import pandas as pd
import numpy as np
import psycopg2
from psycopg2.extras import execute_values
from pgvector.psycopg2 import register_vector

# Load the GloVe file into a DataFrame
df = pd.read_csv("data/glove.6B/glove.6B.50d.txt", 
                 sep=" ", 

# Split the DataFrame into words and their embeddings
words = df.iloc[:, 0]
embeddings = df.iloc[:, 1:].apply(lambda x: x.tolist(), axis=1)

# Create a new DataFrame with two columns
glove_df = pd.DataFrame({'text': words, 'embeddings': embeddings})

Let’s take a look at our data. We see that there are 400k records a column called text that contains the word and then a column called embeddings that holds a 50 dimensional vector as a list.

Next we need to connect to our instance using Python. You’ll need to update the host name, password, and path to your sslrootcert.

def create_connection():
    """Create a database connection using psycopg2 with SSL using environment variables."""
    connection = None
        connection = psycopg2.connect(
            user="postgres",  # use the dbuser with iam auth!
            sslmode="verify-full",  # Ensure SSL usage and server certificate verification
        print("Secure connection to PostgreSQL DB successful")
    except OperationalError as e:
        print(f"The error '{e}' occurred")
    return connection

conn = create_secure_connection()

With the connection in place we can install the vector extension to Postgres.

cur = conn.cursor()
cur.execute("CREATE EXTENSION IF NOT EXISTS vector");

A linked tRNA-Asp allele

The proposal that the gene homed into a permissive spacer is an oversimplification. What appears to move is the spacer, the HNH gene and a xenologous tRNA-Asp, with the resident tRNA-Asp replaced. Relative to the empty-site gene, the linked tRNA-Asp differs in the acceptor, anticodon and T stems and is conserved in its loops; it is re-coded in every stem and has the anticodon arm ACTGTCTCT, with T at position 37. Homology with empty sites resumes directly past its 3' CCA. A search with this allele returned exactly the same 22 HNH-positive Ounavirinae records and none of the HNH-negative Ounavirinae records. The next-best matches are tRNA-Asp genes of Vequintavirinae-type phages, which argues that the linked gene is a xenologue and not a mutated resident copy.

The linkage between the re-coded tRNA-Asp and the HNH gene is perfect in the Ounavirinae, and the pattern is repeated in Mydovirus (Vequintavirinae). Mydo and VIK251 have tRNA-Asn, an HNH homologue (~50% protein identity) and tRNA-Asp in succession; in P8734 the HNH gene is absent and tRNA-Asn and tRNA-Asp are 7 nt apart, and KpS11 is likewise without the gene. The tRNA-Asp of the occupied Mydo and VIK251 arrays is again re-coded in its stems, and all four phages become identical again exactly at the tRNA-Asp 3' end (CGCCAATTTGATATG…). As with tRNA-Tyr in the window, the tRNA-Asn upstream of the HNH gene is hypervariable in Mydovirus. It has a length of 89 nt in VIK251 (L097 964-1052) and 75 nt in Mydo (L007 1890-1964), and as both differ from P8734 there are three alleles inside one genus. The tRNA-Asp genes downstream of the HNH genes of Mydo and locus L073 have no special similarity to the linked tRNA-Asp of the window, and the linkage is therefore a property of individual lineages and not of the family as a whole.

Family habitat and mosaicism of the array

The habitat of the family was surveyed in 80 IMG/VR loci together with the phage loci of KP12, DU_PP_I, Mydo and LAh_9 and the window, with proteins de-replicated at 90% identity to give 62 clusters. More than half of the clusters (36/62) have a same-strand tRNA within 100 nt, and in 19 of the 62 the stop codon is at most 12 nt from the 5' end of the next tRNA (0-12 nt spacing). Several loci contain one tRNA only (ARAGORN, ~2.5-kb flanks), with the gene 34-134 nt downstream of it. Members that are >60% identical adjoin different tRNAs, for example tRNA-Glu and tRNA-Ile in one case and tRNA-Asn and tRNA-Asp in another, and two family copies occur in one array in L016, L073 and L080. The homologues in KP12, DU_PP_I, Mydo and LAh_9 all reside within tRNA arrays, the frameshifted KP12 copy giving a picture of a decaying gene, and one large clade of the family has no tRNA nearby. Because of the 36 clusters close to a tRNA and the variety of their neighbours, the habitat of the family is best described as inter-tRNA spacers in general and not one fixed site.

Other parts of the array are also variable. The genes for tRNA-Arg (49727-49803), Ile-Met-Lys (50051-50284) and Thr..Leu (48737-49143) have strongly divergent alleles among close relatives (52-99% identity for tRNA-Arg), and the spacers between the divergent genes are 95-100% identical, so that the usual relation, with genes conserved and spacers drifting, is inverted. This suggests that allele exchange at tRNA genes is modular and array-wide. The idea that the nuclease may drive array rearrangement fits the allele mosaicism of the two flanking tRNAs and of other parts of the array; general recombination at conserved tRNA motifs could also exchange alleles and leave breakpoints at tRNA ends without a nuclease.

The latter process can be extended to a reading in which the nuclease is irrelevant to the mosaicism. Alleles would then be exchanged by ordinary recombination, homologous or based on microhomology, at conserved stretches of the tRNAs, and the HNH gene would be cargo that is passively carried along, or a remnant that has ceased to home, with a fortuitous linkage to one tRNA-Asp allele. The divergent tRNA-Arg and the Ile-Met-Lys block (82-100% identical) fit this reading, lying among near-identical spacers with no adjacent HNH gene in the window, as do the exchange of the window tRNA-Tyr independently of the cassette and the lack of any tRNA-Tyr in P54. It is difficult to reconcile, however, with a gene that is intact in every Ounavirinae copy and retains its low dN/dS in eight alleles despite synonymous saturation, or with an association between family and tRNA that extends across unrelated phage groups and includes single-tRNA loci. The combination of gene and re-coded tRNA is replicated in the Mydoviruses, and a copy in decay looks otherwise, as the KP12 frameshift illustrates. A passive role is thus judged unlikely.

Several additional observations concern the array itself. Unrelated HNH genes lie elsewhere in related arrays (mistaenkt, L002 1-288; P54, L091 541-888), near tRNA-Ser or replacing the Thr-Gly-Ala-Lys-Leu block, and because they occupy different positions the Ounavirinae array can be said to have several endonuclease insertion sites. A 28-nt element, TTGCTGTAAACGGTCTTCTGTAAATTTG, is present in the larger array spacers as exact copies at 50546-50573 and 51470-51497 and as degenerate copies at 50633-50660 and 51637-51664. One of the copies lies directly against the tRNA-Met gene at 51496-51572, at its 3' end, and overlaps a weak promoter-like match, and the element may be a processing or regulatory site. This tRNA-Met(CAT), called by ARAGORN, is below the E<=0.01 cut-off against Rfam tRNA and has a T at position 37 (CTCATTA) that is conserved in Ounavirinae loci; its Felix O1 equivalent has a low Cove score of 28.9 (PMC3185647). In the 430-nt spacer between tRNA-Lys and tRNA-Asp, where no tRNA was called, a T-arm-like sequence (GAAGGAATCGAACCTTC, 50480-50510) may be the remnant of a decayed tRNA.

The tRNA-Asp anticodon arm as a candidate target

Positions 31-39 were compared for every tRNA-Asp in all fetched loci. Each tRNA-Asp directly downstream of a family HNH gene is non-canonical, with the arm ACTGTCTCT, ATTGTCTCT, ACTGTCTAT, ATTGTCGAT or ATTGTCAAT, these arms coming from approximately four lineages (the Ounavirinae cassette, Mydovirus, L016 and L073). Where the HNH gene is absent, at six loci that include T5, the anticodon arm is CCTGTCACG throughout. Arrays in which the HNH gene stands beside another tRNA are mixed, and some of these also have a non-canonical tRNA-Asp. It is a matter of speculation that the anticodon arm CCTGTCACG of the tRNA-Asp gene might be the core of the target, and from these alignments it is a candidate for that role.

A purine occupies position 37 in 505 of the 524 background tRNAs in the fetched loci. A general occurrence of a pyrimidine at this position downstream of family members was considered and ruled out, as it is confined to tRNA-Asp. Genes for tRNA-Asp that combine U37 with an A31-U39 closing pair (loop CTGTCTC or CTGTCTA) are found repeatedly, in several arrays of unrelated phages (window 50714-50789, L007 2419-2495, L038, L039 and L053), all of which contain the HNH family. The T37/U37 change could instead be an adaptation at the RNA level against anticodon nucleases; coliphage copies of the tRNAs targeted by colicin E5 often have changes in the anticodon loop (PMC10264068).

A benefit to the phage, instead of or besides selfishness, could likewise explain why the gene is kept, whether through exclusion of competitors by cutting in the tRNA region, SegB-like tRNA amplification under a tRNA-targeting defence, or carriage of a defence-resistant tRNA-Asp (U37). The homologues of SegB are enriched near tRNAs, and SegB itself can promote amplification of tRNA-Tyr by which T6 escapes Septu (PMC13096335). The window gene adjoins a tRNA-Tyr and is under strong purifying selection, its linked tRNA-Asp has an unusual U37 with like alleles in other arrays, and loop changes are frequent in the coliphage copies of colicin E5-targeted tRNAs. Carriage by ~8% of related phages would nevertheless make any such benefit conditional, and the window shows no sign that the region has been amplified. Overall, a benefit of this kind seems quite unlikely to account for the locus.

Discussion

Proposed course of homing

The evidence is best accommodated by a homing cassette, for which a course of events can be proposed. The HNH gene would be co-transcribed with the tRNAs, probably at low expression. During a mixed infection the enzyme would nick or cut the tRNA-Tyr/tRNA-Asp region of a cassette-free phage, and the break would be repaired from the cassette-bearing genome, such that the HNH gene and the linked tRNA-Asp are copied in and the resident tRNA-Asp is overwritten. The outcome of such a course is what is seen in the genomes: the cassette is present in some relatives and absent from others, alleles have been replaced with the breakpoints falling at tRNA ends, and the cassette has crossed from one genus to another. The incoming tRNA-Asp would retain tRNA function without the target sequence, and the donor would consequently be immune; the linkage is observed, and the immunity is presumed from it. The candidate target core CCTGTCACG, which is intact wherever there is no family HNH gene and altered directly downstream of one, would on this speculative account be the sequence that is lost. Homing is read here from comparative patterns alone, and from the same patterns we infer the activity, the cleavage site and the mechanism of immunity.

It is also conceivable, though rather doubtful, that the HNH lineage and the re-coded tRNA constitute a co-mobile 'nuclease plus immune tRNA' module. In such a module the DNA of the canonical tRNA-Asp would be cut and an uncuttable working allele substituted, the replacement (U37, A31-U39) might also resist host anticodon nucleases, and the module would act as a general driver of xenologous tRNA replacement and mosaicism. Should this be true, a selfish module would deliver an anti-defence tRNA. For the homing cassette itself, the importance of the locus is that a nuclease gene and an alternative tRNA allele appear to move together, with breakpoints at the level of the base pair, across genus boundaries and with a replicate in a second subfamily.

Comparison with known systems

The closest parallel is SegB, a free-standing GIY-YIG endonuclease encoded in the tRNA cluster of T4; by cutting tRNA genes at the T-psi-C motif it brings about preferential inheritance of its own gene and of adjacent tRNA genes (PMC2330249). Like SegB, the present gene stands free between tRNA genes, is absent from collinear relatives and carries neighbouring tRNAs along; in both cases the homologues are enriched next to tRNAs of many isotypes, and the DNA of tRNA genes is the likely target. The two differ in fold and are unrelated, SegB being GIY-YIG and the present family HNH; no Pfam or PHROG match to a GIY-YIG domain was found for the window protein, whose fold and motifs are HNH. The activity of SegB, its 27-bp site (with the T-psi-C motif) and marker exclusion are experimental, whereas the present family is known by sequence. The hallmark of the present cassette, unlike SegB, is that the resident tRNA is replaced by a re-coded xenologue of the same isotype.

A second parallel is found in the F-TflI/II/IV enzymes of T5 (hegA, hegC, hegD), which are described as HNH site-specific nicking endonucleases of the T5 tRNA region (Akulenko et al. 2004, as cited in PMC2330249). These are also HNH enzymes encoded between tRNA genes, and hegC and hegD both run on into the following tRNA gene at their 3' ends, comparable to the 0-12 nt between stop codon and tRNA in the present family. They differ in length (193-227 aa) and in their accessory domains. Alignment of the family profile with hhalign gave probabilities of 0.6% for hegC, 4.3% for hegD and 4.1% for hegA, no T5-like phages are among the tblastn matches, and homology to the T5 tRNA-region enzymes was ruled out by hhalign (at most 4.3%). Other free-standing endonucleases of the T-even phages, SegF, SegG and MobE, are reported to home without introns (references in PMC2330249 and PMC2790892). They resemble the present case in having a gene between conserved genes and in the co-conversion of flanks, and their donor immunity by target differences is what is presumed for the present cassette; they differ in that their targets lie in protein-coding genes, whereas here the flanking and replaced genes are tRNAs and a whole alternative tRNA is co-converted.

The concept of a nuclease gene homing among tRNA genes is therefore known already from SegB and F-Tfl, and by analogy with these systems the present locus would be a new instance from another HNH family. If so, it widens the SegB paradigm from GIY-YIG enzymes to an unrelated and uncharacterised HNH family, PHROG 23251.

Create the table to store our word embeddings. The Pandas DataFrame had two columns word and embedding so we replicate that here. We set the vector dimensions to 50 and commit this to the database.

table_create_command = """
CREATE TABLE word_embeddings (
            id bigserial primary key, 
            word text,
            embedding vector(50)


Register the connection as a vector connection. This tells postgres this connection will be working with vector data.


Now we can add our embeddings. This will take several minutes.

def get_similar(query_embedding, conn, n: int=3):
    embedding_array = np.array(query_embedding)
    # Register pgvector extension
    cur = conn.cursor()
    # Get the most similar words using the KNN <=> operator
    cur.execute(f"SELECT word FROM word_embeddings ORDER BY embedding <=> %s LIMIT {n}", (embedding_array,))
    return cur.fetchall()

get_similar(glove_df[glove_df["text"] == "pumpkin"]["embeddings"].tolist()[0], conn)

This returns some reasonable results, a potato seems reasonably close to a pumpkin.

[('pumpkin',), ('potato',), ('watermelon',)]